72 x 34 in (182.88 x 86.36 cm)
A visually arresting c. 1880 Japanese manuscript life-sized anatomical illustration of the human nervous system. The piece was likely produced mid-point in the Meiji Restoration (1868 - 1889), when traditional Kampo medicine was giving way to western medical science, but before the wide scale adoption of modern printing in the 1890s.
A Closer LookThis diagram is likely copied from German or English sources, and illustrates the human male nervous system, from the back. It is painted on Japanese paper, likely using imported aniline inks. The whole has been mounted on linen with Japanese silk edging.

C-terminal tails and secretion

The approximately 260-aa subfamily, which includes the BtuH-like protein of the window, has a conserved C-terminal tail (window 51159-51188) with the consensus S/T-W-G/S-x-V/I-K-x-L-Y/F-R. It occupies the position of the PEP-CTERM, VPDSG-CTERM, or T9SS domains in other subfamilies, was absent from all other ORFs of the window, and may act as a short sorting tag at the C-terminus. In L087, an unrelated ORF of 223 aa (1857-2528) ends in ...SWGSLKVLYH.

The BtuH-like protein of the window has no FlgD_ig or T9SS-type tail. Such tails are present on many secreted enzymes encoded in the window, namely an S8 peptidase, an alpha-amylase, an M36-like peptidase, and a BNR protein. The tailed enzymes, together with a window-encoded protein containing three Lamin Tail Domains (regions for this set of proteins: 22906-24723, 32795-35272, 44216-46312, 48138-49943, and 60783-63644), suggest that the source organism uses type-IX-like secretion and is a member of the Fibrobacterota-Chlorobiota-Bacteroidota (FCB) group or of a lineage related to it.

Japanese Adoption of Western MedicineIn the 19th century, as part of the broader Meiji Restoration and modernization efforts, Japan began embracing Western medicine. This shift was triggered by interactions with Western powers, most notably the 1853 arrival of Commodore Matthew Perry. While traditional Japanese medicine, or 'Kampo,' rooted in Chinese practices, was prevalent, the government proactively sent students abroad to learn Western medical techniques, established medical schools with Western curricula, introduced public health initiatives, and began importing and producing Western pharmaceuticals. Over time, Western medicine became dominant, especially in urban areas, although Kampo medicine retained its relevance and is still practiced alongside Western methods today.
Publication History and CensusUnique. Only known example.
Average. On original scroll, but missing rollers. Manuscript. Sheet exhibits some cracking, wear, water damage.